From humble beginnings at his school’s science fair in Ouje-Bougoumou, Malachi Coonishish took his project all the way to the Canada-Wide Science Fair (CWSF) in Edmonton, where he received the Renewable Energy Award for his project, How to Increase Solar Energy Output.
“Joining a simple science fair opened a new mindset for the opportunities you’re given at a young age for becoming something important,” Malachi told the Nation. “I just needed a science project to bring up my grades – it’s brought me pretty far.”
The 17-year-old student credited his science teacher at Waapihtiiwewan School, Pouria Tabaeini, for sparking his idea of a renewable energy project that was honoured at the fair, held May 14-19. While Tabaeini provided the solar panel and some other materials, Malachi worked diligently after hours to discover a method for reflectors to improve a panel’s output by 25%.
“His creativity and intelligence are reflected in the design, the first time someone thought of putting the reflector completely around the solar panels,” said Tabaeini. “He tested different angles to see what would give the highest voltage reading. It shows that if you put in the dedication and effort, Cree students can be very successful.”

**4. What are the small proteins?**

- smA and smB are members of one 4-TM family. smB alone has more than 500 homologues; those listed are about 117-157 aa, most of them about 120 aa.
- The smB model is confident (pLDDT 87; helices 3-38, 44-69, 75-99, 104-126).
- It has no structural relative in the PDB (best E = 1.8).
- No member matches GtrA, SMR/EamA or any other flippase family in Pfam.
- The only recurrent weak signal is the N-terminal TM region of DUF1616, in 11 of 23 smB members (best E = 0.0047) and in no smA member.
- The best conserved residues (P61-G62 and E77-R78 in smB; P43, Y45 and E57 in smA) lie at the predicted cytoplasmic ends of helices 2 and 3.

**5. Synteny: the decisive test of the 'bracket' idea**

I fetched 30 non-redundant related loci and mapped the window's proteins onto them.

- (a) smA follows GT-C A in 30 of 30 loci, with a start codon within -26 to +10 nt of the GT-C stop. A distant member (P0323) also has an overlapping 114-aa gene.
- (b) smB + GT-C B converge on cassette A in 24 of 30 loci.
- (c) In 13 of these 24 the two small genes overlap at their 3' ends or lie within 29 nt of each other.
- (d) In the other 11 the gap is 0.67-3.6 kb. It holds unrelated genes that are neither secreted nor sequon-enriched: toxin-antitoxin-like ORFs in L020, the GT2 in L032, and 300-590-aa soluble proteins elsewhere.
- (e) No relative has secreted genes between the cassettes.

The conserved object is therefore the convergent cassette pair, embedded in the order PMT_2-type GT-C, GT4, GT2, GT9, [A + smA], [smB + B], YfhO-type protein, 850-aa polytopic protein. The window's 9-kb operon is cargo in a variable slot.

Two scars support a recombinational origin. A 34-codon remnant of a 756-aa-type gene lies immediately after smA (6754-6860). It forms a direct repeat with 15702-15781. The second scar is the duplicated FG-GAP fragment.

Malachi persevered with this project even after two teammates quit, realizing that it has the potential to boost solar power productivity around the globe for places that don’t receive as much sunlight. His motivations extend to the challenges faced by northern communities.